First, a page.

Every year more than 10 million children around the world - about 28,000 a day - die before they reach their fifth birthdays. Many could be saved by things that cost little or nothing: breast-feeding, immunization for measles, clean drinking water, mosquito nets.
What stands in the way? The lack of resources is a factor to be sure. But ignorance, war and politics reap their own grim harvest of precious young lives.
While many countries have made progress over the last 15 years in reducing death rates among children aged 5 and under, mortality rates have plateaued or risen in others, according to a report released this week by Save the Children, a U.S.-based international humanitarian organization. The report was based on data compiled from various sources, including the World Health Organization and UNICEF.
Twenty of the 60 developing countries that collectively accounted for 94 percent of child deaths either have made no progress over the last 15 years or have seen their child death rates worsen, according to the report. Among those sliding backward the most are Iraq, Botswana, Zimbabwe and Swaziland. Child death rates doubled in Iraq and Botswana over the last 15 years.
The vast majority of child deaths - 99 percent - take place in the developing world, with the highest rates found in Africa and South Asia. Just 10 countries account for the greatest number of them, including China, India, Angola and Democratic Republic of Congo. The highest mortality rates are in countries undergoing armed conflict such as Afghanistan, Liberia, Sierra Leone and Somalia.
However, even in developed countries such as the United States, death rates among some groups are unacceptably high. The United States tied for 26th place with Croatia, Estonia and Poland. Given our nation's wealth and resources, we should place at the top of the list. But that won't happen until impoverished mothers and infants, especially African-Americans, have better access to prenatal and pediatric health care.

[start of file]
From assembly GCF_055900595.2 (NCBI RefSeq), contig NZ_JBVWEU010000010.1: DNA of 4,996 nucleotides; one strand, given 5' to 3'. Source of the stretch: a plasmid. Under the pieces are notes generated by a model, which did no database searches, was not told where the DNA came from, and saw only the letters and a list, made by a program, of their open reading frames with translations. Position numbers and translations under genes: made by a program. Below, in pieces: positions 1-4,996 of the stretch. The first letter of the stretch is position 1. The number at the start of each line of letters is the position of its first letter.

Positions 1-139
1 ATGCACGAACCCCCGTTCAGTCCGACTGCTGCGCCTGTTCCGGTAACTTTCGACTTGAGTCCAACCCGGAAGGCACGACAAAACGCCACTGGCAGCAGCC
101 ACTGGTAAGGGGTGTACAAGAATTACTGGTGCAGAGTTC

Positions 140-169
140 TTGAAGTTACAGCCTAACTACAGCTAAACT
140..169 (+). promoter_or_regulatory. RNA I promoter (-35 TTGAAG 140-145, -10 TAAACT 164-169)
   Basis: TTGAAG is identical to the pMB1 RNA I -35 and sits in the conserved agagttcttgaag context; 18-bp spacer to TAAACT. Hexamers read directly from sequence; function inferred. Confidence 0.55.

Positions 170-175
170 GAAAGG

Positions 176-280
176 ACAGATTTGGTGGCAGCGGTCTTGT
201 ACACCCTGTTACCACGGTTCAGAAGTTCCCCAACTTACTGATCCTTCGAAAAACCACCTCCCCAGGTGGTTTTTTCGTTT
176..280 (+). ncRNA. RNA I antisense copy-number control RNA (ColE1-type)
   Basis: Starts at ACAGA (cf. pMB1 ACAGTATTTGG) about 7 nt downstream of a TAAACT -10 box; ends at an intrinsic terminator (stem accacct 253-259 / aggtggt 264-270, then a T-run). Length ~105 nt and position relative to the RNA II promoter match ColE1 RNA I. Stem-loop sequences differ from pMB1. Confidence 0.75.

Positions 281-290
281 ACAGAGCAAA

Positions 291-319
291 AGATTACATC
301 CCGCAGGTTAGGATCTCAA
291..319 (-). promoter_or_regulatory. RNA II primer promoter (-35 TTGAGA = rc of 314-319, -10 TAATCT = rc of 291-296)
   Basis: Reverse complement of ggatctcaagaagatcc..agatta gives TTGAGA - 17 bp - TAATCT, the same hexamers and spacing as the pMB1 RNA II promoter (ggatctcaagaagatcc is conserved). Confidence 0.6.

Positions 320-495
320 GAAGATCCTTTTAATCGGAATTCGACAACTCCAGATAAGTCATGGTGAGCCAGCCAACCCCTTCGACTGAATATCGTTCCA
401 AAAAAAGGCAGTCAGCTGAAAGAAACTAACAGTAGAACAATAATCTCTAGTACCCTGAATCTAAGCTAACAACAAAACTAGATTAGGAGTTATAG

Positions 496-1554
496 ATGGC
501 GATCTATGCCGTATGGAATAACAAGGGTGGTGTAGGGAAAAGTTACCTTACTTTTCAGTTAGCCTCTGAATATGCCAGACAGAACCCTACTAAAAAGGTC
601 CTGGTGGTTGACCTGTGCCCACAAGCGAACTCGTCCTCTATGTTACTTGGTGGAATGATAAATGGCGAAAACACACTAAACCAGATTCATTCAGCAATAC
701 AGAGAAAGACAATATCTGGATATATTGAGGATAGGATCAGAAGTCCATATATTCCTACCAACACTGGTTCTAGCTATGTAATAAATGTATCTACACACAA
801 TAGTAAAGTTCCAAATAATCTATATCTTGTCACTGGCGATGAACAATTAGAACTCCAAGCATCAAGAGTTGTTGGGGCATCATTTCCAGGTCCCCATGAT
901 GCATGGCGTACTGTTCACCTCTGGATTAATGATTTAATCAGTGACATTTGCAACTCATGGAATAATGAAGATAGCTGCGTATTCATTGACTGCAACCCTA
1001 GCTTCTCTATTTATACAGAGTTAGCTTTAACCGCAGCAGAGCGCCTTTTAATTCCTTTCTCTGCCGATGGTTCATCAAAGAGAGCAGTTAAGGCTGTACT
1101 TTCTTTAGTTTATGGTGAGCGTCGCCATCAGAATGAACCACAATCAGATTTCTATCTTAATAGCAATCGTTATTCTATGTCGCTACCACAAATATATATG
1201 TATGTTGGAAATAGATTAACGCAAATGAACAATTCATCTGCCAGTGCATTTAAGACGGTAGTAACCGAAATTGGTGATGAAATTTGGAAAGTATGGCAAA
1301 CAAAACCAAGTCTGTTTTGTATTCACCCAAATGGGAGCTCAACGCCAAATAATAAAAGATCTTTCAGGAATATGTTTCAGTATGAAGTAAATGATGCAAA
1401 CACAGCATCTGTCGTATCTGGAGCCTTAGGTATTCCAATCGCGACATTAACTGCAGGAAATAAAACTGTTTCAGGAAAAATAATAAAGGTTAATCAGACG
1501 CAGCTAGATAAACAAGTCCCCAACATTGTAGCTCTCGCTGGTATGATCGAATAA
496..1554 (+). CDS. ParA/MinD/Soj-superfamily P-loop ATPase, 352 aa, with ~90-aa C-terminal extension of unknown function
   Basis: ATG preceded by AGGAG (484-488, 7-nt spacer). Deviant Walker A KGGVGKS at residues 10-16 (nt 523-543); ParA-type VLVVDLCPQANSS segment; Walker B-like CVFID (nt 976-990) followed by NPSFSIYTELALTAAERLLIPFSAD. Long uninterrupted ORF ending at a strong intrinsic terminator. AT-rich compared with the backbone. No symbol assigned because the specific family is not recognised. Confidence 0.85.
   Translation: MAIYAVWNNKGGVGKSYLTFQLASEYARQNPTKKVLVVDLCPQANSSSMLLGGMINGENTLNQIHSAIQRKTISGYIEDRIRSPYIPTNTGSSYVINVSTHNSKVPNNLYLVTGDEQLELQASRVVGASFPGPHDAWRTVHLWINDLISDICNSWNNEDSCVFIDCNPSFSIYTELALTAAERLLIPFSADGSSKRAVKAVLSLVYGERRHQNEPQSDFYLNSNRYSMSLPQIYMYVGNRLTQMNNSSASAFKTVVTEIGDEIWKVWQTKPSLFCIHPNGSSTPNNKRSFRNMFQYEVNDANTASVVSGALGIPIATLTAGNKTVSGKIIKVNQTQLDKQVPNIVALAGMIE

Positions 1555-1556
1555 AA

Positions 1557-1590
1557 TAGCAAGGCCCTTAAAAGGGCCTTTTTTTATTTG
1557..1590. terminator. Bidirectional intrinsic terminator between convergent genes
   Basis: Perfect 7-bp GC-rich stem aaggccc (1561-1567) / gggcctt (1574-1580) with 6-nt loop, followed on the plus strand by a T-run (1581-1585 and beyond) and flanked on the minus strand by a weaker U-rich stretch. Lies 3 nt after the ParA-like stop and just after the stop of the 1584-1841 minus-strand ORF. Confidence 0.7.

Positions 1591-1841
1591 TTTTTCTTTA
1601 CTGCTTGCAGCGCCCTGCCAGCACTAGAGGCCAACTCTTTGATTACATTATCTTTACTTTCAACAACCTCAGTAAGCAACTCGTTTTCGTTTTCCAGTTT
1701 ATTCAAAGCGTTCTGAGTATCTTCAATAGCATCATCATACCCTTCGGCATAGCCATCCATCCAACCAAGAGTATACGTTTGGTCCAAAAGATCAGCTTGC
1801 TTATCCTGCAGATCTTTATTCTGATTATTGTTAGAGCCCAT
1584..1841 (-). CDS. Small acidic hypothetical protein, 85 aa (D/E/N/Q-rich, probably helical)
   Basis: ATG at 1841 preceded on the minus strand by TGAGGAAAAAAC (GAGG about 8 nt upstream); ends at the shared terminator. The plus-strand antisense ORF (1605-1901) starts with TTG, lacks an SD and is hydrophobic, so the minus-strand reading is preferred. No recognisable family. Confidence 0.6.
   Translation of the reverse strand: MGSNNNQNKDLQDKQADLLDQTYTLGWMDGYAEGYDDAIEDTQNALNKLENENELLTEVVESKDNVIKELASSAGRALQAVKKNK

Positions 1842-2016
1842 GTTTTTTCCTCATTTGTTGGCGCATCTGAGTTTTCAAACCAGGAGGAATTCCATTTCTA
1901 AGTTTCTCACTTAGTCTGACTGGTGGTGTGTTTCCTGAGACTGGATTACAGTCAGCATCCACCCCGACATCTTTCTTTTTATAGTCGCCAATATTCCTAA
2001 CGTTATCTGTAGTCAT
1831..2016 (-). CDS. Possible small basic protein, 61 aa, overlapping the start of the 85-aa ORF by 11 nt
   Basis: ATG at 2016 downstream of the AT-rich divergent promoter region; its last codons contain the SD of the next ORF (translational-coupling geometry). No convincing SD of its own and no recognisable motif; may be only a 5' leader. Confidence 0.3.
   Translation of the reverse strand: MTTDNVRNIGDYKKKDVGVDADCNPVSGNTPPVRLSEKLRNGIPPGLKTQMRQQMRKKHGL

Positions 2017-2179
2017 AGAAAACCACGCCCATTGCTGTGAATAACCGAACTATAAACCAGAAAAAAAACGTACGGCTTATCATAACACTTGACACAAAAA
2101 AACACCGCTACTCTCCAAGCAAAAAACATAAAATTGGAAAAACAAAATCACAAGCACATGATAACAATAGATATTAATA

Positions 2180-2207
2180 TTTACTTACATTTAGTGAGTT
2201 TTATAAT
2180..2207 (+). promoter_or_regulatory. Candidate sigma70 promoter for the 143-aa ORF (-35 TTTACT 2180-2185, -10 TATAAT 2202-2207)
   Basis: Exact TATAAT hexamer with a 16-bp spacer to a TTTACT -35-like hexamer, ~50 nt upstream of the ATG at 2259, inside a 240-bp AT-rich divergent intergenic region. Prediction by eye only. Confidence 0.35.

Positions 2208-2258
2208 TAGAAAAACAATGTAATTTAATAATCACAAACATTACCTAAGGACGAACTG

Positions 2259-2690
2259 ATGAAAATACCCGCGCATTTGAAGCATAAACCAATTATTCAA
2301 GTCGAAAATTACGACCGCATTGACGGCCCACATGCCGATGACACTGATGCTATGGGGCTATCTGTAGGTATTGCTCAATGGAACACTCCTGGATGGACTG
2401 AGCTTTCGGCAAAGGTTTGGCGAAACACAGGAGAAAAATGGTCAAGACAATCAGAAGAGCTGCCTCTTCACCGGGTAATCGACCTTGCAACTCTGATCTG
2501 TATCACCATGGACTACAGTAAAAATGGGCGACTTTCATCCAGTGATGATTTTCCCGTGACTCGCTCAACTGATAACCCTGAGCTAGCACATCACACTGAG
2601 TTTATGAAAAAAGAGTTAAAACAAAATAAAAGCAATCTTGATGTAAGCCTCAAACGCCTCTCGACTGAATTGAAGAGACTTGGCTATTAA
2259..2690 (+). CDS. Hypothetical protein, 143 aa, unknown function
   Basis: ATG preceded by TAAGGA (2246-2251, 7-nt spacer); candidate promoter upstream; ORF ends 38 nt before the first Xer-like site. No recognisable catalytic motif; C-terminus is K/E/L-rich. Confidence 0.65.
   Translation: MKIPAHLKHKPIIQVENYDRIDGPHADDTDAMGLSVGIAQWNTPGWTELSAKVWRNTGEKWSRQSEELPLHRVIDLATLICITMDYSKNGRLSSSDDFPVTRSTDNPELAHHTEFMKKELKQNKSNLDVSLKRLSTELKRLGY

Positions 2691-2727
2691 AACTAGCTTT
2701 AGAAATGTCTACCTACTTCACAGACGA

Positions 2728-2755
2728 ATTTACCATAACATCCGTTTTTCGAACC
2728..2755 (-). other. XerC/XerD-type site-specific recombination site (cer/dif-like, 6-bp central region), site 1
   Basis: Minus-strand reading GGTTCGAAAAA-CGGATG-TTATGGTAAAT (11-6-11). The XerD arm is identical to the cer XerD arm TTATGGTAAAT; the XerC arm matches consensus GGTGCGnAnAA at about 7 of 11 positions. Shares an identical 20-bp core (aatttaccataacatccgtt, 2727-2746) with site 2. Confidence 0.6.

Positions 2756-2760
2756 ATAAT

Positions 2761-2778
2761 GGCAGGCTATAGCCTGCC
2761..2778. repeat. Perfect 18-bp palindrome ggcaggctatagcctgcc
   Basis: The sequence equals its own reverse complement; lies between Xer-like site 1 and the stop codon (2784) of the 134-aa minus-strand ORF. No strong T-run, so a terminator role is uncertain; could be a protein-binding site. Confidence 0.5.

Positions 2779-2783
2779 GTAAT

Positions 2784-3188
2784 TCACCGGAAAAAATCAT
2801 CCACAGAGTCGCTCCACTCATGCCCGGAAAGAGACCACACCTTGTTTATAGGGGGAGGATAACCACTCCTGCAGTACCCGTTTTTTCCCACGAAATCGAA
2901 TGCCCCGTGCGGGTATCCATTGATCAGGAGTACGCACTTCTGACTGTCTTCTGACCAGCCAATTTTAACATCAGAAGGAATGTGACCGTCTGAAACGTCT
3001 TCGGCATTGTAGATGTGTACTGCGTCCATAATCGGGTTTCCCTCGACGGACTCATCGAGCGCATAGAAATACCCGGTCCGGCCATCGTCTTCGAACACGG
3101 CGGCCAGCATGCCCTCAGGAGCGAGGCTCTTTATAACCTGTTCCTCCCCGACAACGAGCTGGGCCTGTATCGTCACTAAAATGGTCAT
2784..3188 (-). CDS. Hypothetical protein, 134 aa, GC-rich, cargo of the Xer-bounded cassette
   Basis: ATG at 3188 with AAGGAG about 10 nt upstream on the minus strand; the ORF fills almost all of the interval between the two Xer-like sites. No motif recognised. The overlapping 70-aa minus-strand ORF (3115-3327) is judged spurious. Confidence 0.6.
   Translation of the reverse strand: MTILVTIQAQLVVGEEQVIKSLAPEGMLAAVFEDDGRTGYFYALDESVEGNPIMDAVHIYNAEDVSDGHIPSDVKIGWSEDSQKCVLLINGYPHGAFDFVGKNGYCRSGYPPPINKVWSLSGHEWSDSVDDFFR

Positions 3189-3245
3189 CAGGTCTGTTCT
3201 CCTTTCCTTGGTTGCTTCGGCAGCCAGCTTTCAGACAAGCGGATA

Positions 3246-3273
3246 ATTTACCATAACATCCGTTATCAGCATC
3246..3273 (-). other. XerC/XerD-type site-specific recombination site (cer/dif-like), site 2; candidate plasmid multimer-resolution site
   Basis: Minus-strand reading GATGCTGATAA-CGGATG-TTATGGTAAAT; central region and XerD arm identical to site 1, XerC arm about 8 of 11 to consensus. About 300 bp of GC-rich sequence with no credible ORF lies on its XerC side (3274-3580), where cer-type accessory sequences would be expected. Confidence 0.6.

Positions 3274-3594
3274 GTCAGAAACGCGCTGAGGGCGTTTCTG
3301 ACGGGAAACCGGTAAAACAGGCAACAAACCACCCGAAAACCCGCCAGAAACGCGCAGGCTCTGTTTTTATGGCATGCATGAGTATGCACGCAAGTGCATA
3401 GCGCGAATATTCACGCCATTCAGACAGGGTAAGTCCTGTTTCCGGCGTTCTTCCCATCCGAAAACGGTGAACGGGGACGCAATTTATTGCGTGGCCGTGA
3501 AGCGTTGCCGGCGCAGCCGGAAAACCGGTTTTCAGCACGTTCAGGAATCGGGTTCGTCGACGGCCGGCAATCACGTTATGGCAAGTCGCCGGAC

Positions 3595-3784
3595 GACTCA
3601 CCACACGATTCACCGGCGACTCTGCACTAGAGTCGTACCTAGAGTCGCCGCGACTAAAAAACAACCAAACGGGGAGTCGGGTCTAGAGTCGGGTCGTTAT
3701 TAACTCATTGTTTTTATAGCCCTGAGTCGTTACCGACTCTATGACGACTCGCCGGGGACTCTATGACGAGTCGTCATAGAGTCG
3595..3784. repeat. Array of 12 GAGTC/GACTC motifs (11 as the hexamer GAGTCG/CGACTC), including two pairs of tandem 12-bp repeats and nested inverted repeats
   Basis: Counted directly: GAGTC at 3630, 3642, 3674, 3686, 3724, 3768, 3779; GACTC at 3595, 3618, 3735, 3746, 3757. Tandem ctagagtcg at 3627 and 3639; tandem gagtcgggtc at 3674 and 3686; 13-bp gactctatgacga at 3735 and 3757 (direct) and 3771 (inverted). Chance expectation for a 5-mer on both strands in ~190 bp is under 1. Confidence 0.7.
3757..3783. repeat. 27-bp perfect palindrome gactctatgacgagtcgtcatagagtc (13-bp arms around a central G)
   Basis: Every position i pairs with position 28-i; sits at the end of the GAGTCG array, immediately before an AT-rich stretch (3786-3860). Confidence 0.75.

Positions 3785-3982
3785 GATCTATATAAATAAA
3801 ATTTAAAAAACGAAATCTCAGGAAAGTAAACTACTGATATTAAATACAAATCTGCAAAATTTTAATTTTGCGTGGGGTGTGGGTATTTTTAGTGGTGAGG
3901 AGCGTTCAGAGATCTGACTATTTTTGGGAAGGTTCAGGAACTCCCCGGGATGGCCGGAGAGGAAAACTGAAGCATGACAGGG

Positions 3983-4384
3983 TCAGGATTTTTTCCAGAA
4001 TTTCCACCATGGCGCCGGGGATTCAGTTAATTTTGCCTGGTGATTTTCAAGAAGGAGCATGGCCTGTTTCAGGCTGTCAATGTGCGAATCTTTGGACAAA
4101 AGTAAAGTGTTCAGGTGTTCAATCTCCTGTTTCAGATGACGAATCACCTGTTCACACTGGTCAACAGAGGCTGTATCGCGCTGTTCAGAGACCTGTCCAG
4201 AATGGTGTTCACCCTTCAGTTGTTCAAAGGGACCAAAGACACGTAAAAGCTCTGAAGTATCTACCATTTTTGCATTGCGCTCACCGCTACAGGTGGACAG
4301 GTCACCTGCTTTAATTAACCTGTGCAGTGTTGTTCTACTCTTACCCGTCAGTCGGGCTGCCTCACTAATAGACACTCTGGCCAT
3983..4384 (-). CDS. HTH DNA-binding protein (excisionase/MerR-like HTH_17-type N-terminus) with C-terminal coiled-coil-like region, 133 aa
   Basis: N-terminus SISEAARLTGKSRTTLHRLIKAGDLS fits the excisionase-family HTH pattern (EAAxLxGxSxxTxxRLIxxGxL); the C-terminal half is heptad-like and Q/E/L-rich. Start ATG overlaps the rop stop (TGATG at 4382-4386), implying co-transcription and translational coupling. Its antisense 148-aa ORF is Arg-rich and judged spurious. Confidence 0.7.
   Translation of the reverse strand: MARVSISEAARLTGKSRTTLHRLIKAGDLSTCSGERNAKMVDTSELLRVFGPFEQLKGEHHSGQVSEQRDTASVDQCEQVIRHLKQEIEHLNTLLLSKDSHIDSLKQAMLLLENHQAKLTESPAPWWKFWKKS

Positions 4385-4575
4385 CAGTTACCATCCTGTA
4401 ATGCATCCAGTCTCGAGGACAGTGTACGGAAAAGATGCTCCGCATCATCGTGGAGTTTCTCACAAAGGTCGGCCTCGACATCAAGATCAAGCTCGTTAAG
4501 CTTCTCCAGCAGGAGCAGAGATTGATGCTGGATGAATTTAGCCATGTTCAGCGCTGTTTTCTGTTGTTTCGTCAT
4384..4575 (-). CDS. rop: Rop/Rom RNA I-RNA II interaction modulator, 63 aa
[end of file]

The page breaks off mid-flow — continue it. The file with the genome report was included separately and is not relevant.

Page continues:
The problem of child deaths may seem intractable, but experts say the solutions sometimes are simple. The leading causes of death among children under the age of 5 - newborn disorders, pneumonia and diarrhea - can be prevented or treated with low-cost interventions such as breast-feeding, birthing attendants, immunization for measles and treating diarrhea with oral rehydration therapy.
Warming and drying newborns immediately after birth, distributing insecticide-treated mosquito nets and providing clean drinking water also can save thousands of infants. Access to contraceptives and family planning allow mothers to space their babies at healthy intervals and avoid pregnancy when they are too young or too old to give birth safely.
Countries with limited financial resources such as Egypt, Indonesia, Bangladesh, Nepal and the Philippines have drastically reduced their childhood death rates by using some of those interventions. Among the developing countries, Egypt has made the most progress, with an impressive 68 percent decline in deaths over the last 15 years. Bangladesh has more than halved its child death rate.
The United States can help children around the world, but global social and health programs are mired in ideology. The Bush administration limits family planning funds to abstinence-only sex education.
Some things are beyond politics. Saving children's lives should be one of them.
Reprinted from the St. Louis Post-Dispatch.